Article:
Ramadan Mubarak

Ramadan is HARD!

I didn't really expect that. I've been fasting pretty regularly since I was eight years old, usually for approximately 24-hour stints. I figured I'd be able to take fasting for just the daylight hours everyday pretty much in stride.

There are some things I didn't factor in. Such as the fact that daylight hours are extending right now. And the meals before and after the fast are part of the celebration too.

According to the Athan Pro app that I downloaded to help me stay on track, my day this morning was supposed to start at 4:26 with prayer. Sunrise was at 6:12 and my eating and morning's water intake needed to be done by then. I'll join across the miles in prayer at 1:30 this afternoon and 5:31 this evening. Then there's prayer again to break the fast at 8:49, when the sun dips below the horizon and finally at 10:19 before bed.

If I follow that schedule, I'll get a maximum of 6 hours of sleep nightly right now, and 4.5 hours by the time the month ends. I keep thinking about all those Muslim mothers who need to be up in time to prepare the morning meal. And then there's the clean up after iftar, the nightly feast. Do they sleep at all?

I tried napping during the day. It didn't work very well. I have some important deadlines I'm trying to meet and once I'm up, my mind is racing.

It's been a whole week now. It should be a week tomorrow, but I started fasting through the daylight hours last Thursday. I didn't understand that Ramadan started that night, not that morning.  A few days ago, I realized I was not going to be able to maintain the nightly routine. I decided that, since I am not a Muslim, I can modify the schedule to something I can manage. I still want to participate as much as I can while staying healthy. But for me, staying healthy means I need to break my evening fast at about 6, because if I'm going to be up that early in the morning, I need to be in bed by 9:00 pm. Getting to bed on time is a skill I am still seeking to master, though. I've been late for morning prayer most of the time.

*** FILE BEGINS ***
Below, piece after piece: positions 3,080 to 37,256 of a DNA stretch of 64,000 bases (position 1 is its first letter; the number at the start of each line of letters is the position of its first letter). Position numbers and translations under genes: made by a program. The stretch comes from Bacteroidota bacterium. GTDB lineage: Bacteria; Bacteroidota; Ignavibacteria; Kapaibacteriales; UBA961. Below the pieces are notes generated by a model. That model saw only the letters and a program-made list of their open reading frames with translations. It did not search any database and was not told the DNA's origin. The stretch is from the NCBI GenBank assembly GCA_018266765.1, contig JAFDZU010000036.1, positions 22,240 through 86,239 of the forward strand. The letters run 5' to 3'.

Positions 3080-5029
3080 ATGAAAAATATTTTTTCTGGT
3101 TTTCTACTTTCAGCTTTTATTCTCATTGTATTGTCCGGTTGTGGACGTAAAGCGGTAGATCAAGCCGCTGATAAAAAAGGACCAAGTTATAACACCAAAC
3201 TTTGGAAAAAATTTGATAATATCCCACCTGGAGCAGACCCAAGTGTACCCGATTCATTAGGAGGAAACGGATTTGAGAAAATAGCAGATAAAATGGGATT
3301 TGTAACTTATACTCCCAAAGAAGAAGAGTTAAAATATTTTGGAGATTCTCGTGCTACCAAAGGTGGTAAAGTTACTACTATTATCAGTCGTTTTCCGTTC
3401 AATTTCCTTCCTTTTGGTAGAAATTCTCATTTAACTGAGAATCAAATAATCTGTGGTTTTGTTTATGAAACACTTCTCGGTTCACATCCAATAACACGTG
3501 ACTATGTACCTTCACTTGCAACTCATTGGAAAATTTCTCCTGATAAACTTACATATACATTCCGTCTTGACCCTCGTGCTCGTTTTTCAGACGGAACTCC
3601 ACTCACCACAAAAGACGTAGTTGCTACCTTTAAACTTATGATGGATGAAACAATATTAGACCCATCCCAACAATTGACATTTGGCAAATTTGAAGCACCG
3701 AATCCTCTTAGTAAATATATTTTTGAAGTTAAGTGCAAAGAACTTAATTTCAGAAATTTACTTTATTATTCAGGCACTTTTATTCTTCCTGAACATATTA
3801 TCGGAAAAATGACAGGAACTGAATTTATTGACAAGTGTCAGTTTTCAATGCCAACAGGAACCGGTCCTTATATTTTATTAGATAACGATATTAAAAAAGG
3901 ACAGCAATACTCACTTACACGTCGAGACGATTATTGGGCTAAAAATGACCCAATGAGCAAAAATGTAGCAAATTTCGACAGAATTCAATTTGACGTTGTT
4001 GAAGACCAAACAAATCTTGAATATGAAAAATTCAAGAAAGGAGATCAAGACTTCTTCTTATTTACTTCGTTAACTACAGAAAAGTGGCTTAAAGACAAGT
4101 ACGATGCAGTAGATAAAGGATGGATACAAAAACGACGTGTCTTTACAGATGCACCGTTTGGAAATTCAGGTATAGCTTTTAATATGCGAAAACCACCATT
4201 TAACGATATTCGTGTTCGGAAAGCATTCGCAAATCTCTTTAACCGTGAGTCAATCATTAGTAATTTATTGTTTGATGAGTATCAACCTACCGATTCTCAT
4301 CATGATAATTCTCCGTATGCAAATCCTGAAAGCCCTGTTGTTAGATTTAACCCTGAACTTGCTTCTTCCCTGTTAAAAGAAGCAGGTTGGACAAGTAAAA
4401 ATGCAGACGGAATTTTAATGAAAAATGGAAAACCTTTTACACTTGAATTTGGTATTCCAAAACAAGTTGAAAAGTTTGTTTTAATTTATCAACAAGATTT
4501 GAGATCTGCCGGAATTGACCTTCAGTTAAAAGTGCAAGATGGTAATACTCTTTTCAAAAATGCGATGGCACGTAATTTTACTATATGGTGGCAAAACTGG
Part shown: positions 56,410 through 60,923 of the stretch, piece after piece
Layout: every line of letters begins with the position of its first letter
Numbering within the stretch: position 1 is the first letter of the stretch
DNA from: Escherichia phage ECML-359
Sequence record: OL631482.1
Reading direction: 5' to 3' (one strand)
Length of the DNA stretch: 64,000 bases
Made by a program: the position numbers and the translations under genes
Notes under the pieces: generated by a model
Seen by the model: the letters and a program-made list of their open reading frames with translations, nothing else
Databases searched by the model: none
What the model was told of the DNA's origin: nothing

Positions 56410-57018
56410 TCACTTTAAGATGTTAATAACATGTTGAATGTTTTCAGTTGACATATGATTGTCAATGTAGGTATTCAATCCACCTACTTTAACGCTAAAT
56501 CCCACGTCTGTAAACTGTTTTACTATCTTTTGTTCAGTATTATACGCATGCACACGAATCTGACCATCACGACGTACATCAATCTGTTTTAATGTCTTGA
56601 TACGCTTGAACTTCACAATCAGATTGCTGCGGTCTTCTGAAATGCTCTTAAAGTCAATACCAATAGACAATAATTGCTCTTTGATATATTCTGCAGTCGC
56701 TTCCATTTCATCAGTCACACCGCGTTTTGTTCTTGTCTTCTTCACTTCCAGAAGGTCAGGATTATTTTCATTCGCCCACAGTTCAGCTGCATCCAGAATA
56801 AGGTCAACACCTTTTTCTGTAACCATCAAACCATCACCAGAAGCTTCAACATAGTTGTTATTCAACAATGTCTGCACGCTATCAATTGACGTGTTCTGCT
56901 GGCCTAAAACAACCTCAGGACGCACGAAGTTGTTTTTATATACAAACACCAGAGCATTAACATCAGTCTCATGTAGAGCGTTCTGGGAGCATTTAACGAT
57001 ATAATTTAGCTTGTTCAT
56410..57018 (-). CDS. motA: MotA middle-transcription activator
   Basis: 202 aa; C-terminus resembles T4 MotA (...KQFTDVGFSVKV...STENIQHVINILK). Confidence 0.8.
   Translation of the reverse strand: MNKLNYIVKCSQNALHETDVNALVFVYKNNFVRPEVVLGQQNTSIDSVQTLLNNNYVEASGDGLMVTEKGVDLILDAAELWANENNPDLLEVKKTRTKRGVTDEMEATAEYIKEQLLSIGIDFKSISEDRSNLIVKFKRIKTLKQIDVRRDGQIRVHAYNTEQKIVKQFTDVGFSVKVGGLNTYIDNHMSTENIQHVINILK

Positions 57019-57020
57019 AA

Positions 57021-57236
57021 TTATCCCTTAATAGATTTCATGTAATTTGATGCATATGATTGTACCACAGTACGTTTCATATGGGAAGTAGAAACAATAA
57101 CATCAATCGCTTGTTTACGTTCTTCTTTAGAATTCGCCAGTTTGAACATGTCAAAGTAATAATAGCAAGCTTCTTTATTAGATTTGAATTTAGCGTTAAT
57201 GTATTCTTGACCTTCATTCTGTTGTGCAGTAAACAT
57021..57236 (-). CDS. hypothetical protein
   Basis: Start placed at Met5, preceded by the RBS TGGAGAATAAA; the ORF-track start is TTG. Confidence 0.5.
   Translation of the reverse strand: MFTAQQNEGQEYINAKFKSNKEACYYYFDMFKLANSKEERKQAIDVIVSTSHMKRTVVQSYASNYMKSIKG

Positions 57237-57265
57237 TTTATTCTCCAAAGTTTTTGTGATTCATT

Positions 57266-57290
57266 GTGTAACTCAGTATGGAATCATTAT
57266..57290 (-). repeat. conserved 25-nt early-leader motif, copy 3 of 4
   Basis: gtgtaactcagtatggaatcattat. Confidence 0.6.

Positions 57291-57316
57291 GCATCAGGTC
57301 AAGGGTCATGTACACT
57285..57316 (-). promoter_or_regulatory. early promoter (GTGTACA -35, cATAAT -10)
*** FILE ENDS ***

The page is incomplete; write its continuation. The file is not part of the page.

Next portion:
Yesterday, I was so tired I could barely function. And I was moving so slowly that it was impressive that I got anything done.

I did get to bed on time last night, though. And I didn't set my alarm but woke naturally around 5:00. I'm feeling much better today. Better enough to believe that I can make it to the finish line of my modified Ramadan.

The bottom line: I have a new respect for my Muslim sisters and brothers -- especially the mothers. The customary greeting this month is Ramadan Mubarak meaning blessed Ramadan. May we all be blessed.


  1. I did Ramadan with a friend a number of years ago as well. I was familiar with fasting, but the long-term nature of it gave me a beautiful new perspective. I wasn't a mom at the time, so I hadn't thought about how difficult meal prep would be!

    1. What did you learn from your Ramadan experience? I've started reading the Quran as well. Kind of a cultural semi-immersion. Would love to hear about the insight you gained in your lengthy fast.


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